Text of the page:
So where does that leave him? In a quandary, it seems:

It may well be that the party of the governor elect may be right in their assessment of what the people of Ekiti and by extension Nigerians want, this would make any inquiry appropriate because it may compel a change of strategy for many political parties. It should make governance a lot easier if they were right. Do nothing, put money together, share it a few weeks to election, strut to Government House, and why should you bother about agriculture, electricity, housing, security, healthcare and more?

When someone resorts to so many qualifiers – ‘It may well be’, ‘the governor elect may be right’, ‘it may compel a change’ – then we may assume ‘woolly thinking’ is afoot. To put it plainly, what he is really asking is whether the great mass of Nigerians – rural, poor, semi-literate – are not to be trusted to vote for the ‘right’ candidate, which is to say the candidate who bothers about ‘agriculture, housing, security’ against those who dole out expired rice at the opportune moment.
It is true that Fashola is one governor who has indeed built infrastructures but then Lagos is not rural, poor and/or semi-literate. Unfortunately, it is also true that what Fashola sneeringly calls ‘infrastructure of the stomach’ is very much Tinubu’s style, which is one reason why he needs to amass as much money as he is reputed to have done. What I have called the ‘problem’ with our lion is in fact the problem with Nigeria, which the politicians know well enough, and why they continue to keep the masses in poverty.
No doubt all this will be debated – is being debated – as we gird our loins (or our stomachs) for the showdown next year. Meanwhile, we are now being assailed with photographs of another suspected murderer stopping to eat corn at a roadside somewhere in Osun State, where PDP hopes to repeat Ekiti next month. That he happens to be wearing a wristwatch worth N3 million (according to one newspaper report) was obviously lost on him, being no more a man of the people than Fayose himself – or Fayemi for that matter – just a cynical politician who understands his people well enough.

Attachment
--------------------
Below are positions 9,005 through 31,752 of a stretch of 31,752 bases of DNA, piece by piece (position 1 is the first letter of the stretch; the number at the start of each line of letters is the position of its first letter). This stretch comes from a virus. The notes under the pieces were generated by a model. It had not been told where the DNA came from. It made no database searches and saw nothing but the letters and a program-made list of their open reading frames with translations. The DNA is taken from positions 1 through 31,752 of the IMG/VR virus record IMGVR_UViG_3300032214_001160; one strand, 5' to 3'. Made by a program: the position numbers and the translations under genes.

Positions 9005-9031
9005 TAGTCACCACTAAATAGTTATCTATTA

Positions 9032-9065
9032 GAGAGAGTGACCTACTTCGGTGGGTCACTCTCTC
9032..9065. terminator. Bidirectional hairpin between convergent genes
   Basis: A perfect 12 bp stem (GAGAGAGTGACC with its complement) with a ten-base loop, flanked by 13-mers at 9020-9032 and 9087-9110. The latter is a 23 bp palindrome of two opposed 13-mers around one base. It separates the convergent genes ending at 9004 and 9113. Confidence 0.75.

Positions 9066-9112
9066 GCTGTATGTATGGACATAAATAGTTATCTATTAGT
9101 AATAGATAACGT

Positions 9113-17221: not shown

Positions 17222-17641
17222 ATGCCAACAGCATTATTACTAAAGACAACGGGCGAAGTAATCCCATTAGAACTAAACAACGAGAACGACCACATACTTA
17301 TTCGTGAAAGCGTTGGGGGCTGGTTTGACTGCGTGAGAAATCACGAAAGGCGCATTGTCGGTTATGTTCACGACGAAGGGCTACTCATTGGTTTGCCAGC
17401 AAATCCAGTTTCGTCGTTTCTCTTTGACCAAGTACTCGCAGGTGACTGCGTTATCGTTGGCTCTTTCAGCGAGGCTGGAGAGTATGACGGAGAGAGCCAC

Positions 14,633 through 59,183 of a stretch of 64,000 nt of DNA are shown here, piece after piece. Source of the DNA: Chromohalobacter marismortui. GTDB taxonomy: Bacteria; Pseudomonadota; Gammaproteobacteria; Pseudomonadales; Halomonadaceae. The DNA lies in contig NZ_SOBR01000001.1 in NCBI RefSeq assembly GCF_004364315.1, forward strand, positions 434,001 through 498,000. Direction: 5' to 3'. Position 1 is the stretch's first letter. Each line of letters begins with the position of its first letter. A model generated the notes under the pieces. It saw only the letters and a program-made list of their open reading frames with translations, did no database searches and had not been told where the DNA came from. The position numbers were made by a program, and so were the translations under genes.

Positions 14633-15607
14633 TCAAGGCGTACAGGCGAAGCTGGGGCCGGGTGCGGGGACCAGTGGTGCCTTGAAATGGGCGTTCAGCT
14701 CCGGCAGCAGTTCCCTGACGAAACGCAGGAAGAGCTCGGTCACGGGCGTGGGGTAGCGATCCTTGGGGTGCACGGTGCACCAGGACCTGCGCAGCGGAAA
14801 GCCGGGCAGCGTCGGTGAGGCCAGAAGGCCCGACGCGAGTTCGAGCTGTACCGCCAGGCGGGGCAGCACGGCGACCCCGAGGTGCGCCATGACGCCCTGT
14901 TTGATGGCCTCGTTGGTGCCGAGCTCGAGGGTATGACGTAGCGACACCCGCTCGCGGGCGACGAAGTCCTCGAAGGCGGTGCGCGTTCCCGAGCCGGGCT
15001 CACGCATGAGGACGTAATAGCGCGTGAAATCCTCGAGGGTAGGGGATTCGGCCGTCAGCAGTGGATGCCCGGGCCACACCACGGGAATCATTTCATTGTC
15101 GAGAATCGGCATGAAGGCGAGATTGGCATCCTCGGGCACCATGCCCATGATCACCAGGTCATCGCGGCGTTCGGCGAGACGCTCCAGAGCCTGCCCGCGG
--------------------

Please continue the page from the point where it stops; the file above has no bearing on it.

©Adewale Maja-Pearce

A slightly different version of this first appeared in Hallmark newspaper, 8 July 2014
Adewale Maja-Pearce is the author of several books, including Loyalties
and Other Stories, In My Father's Country, How many miles to Babylon?, A
Mask Dancing, Who's Afraid of Wole Soyinka?, From Khaki to Agbada,
Remembering Ken Saro-Wiwa and Other Essays, A Peculiar Tragedy, and
Counting the Cost, as well as the 1998 and 1999 annual reports on human
rights violations in Nigeria. He also edited The Heinemann Book of African
Poetry in English, Wole Soyinka: An Appraisal, Christopher Okigbo:
Collected Poems, The New Gong Book of New Nigerian Short Stories,
and Dream Chasers. The House My Father Built, a memoir, will be
published later this year.

Click here to see Maja-Pearce's page:

1 comment:

  1. The 'problem' with Ekiti 'kete' selection is the use of the military to harass and curtail movement of opposition. It may replay in Osun, but Lagos? Hachetman Obanikoro? Hmmn! By the way, an early 1970's official directory of top LASG officials indicates that LASG owns a lot of buildings in Ikoyi especially Bodi as call it. Hmmn... I wonder! Please note that many a lion but that of Jah most high! Awar!!! Second Bass Jare!